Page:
In his historically systematic contribution, Kevin Anderson picks up the thread at this point, exploring the question about what significance socialist humanism can have today. He starts by examining the reasons for and consequences of the rejection of radical humanism in French left-wing thinking that first began in the 1960s. Pierre Bourdieu, in particular, conceded that subjects were endowed with forms of agency. In contrast, Althusser considered subjectivity to be a wholly ideological illusion and did not believe in the transformative possibilities of critique, resistance and revolt by individuals (74ff.). Anderson is highly critical of Althusser’s theory of ideological state apparatuses, because he deems it too abstract. In his view, it lacks historical and social anchoring. Althusser considered both Hegelianism and humanism to be bourgeois-reactionary schools of thought and he defined antihumanism as the quintessence of Marx’s thinking.
Anderson concludes that the success of the structuralist and poststructuralist approaches was a symptom of the left’s defeat after the 1960s (87). Since the 1990s, however, new forms of democratic resistance against neoliberal capitalism have emerged, from the revolt in Chiapas and the protests in Seattle in 1999 to Occupy and beyond. Anderson believes that these justify a renewed preoccupation with socialist humanism, which seeks alternatives to the existing conditions. Following Lucien Goldmann, who argued that Hegel’s philosophy becomes especially important in times of revolt and revolution, Anderson believes: ‘we may be on the eve of a revival of radical humanism at a time when the hopes and aspirations of a new generation are being articulated in a way that brooks no compromise with an utterly dehumanised global capitalist system’ (89).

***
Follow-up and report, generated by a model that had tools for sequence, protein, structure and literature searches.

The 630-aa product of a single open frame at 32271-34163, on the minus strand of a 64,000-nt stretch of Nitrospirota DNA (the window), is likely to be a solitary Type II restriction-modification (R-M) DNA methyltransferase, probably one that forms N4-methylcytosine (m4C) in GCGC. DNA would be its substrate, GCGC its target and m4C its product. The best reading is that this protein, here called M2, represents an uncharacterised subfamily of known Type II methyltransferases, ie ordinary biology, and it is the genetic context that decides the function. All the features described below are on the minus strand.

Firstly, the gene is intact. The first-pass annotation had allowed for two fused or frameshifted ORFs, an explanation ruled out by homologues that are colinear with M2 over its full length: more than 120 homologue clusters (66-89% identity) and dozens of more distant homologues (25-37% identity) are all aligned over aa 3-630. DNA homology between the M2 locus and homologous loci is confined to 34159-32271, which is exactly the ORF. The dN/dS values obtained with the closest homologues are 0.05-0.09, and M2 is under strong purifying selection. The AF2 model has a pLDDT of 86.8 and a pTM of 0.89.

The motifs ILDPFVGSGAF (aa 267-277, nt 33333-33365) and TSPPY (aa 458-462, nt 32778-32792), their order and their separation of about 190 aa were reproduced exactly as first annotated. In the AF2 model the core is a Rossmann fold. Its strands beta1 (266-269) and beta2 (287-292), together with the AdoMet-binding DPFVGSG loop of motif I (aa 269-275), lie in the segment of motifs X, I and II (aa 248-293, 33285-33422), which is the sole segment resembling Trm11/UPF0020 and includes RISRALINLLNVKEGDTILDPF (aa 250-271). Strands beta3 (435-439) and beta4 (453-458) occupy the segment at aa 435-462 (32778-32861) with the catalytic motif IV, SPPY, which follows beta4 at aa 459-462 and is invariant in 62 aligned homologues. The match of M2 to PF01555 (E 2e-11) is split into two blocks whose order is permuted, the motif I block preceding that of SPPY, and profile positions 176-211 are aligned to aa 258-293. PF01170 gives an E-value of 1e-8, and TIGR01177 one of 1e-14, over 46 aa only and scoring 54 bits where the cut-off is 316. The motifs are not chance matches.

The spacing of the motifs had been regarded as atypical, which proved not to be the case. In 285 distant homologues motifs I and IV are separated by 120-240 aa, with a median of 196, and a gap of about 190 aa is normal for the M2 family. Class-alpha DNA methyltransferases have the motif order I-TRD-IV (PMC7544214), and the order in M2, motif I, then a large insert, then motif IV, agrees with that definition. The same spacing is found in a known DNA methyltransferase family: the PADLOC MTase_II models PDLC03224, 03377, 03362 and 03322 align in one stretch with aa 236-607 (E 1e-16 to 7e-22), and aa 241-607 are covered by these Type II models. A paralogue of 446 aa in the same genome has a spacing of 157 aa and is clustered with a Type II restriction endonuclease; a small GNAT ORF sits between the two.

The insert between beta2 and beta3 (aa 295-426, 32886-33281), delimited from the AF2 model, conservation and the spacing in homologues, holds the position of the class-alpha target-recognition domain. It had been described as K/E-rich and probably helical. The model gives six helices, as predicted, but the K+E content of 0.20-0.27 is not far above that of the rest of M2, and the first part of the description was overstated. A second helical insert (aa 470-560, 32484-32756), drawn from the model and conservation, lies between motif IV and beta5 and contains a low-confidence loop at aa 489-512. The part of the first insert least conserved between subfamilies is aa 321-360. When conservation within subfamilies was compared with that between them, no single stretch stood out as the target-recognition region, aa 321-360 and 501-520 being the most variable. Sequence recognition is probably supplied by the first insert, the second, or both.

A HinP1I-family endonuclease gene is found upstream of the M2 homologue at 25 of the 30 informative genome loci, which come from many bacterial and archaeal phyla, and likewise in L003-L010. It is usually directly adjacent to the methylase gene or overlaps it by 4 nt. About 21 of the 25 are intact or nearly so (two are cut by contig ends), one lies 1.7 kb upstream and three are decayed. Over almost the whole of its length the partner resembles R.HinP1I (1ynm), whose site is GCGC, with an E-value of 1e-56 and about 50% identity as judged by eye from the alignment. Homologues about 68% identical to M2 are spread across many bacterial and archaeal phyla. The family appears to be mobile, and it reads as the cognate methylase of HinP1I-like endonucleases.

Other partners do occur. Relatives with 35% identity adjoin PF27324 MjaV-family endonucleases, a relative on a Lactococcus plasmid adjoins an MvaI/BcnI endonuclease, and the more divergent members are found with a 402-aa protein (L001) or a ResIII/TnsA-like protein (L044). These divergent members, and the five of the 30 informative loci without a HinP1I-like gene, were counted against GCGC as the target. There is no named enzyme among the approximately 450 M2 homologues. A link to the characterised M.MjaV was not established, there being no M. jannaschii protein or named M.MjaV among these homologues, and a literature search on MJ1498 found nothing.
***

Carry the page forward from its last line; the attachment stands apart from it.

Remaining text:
Next, Anderson presents approaches of radical humanism, which he regards to be of great relevance against this background. Like Epstein, he refers to Erich Fromm, who interpreted Marx in a humanist way in the 1950s and emphasized his emancipatory perspective (90ff). It is not enough, Anderson claims, to focus on resistance to power, but rather one must link it to the vision of a new society. Fromm took the view that the possibility existed, limited though it may be, within the very structures of capitalist society, to change these same structures.